Batanyenda says most of the government projects, which need supervision by the parish chiefs have been left to waste.

He accuses the district leadership of keeping silent on the issue of the parish chiefs, yet they play a vital role.

Robert Kakuru Byamugisha, the Director Kick Corruption out of Uganda, a non-governmental organization that fights corruption, says the absence of parish chiefs affects development since they are charged with the responsibility of chairing village planning meetings.

James Mugisha, the Acting Assistant Chief Administrative Officer Kabale district, says their hands are tied since they can't recruit new parish chiefs.


MPs Scrutinise Human Rights Bill



The Legal and Parliamentary Affairs Committee has started scrutinising the Human Rights (Enforcement) bill, 2015. The bill was tabled by Mitooma Woman MP, Jovah Kamateeka.

It seeks to enforce Article 50 (4) of the constitution, which compels parliament to enact laws for the enforcement of rights and freedoms provided for in Chapter four of the Constitution. These include the right to life, respect for human dignity and protection from inhuman treatment, right to own property, right to privacy, right to education and others.

Parliament hasn't enacted any laws under Article 50 (4), which provide for the enforcement of human rights by all persons, institutions and organs of government since the 1995 constitution was promulgated.

The Human Rights (Enforcement) bill, 2015 limits the enforcement of human rights by the High Court and empowers any person or organization to initiate a human rights and enforcement action before the same court.

It however restricts he High Court's powers not to issue redress where the same is available under any other law such as the Uganda Human Rights Commission (UHRC) Act. On procedures, Clauses 5 to 6 provide that for a matter to be taken to court, it should be by an Ordinary Complaint and the matter should be heard in open court by a single judge.

The bill also provides for reference from a subordinate court or tribunal, if in the course of any proceedings any question of violation of a fundamental right and freedom guaranteed under Chapter four of the Constitution arises. In this case, proceedings in the subordinate court are stayed until the High Court determines the human rights question, and the decision of the high court is binding on the subordinate one.

Clause 7 of the bill empowers High Court to make all orders it considers necessary and appropriate for the enjoyment of rights and freedoms including compensation when a right has been violated, unlawfully denied or there is need for its enforcement.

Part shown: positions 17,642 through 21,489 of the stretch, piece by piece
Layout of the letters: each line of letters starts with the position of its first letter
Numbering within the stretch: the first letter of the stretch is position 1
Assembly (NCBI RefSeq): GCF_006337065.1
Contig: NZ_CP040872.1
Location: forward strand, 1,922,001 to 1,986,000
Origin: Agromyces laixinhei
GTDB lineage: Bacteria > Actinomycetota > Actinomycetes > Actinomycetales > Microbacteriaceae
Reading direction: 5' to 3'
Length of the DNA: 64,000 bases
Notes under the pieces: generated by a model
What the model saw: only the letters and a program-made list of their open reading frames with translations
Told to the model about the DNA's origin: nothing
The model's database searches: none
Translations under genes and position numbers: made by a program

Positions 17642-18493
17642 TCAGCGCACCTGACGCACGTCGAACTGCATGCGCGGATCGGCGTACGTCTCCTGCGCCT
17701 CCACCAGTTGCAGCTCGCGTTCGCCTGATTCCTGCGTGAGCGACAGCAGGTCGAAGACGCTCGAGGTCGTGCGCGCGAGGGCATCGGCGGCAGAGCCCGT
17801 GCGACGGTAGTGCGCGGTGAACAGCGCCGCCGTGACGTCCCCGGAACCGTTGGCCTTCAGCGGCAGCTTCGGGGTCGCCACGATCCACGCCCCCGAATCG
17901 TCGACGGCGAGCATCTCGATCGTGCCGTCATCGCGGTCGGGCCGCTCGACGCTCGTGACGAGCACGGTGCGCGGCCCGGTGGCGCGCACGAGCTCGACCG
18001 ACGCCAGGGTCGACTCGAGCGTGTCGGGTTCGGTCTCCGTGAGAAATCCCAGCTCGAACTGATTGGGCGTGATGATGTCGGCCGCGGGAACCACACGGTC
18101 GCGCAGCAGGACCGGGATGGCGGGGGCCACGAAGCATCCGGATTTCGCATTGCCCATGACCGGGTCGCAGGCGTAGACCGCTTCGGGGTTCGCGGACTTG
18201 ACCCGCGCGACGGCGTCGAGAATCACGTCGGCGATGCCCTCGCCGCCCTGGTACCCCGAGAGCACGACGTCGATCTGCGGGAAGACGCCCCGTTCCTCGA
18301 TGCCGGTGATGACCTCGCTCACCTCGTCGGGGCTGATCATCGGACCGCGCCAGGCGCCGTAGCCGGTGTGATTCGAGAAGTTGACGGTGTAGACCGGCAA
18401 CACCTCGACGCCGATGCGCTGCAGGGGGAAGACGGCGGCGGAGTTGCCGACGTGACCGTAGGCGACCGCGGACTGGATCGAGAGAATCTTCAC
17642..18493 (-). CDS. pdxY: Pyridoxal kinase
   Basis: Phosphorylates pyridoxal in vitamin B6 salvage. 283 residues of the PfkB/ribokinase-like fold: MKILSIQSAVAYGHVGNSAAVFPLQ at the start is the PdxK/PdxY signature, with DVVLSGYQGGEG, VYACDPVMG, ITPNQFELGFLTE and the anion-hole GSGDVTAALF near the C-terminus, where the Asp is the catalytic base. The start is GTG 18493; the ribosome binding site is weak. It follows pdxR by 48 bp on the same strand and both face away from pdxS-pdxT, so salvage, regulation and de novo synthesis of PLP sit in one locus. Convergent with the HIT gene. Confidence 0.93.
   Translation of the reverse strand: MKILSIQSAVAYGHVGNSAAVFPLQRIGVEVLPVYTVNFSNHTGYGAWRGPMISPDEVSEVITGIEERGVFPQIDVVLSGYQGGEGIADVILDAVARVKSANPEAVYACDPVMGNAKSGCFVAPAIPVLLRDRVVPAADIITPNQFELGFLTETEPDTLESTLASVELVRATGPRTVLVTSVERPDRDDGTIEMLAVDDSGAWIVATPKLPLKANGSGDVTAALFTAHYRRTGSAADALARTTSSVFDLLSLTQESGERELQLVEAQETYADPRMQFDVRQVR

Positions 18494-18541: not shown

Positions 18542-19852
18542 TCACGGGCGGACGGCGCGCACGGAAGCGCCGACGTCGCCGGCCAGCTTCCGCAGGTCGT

The bill also provides for appeals from the High Court to the Court of Appeal. Kamateeka, who also doubles as the chairperson of the Human Rights Committee appeared before the Legal committee today to defend her bill. She told the committee that once approved the bill will give people an opportunity to choose to file human rights violation cases before the Uganda Human Rights Commission or courts of law.

However, some committee members led by Robinah Rwakoojo, the Legal Committee Vice Chairperson wondered whether the bill will not limit powers of Uganda Human Rights Commission. Kamateeka clarified that the Human Rights bill does not in any way limit the powers of Uganda Human Rights Commission.

Kamateeka also said that due to the absence of enforcement procedures, applicants are currently at the mercy of the judges.

Meanwhile, the Foundation for Human Rights Initiative (FHRI) says that Clause 4 of the bill should be amended to grant original jurisdiction of human rights cases to the Chief Magistrates Court.

Dr. Rebecca Amollo, the FHRI Research and Advocacy Officer told legislators that it would be easier for complainants to receive justice in the magistrates' courts due to the case backlog in High Court.

Different reports have in the past pinned government agencies for various human rights violations, including arbitrary killings, torture and cruel treatment, poor conditions in detention centres and harassment of opposition politicians.

In 2016, a human rights report by the US State Department's Bureau of Democracy highlighted lack of respect for the integrity of the person (unlawful killings, torture, and abuse of detainees), restrictions on civil liberties (freedoms of assembly, expression), and violence and discrimination against marginalised groups, such as women and children as the most serious human rights problems in Uganda.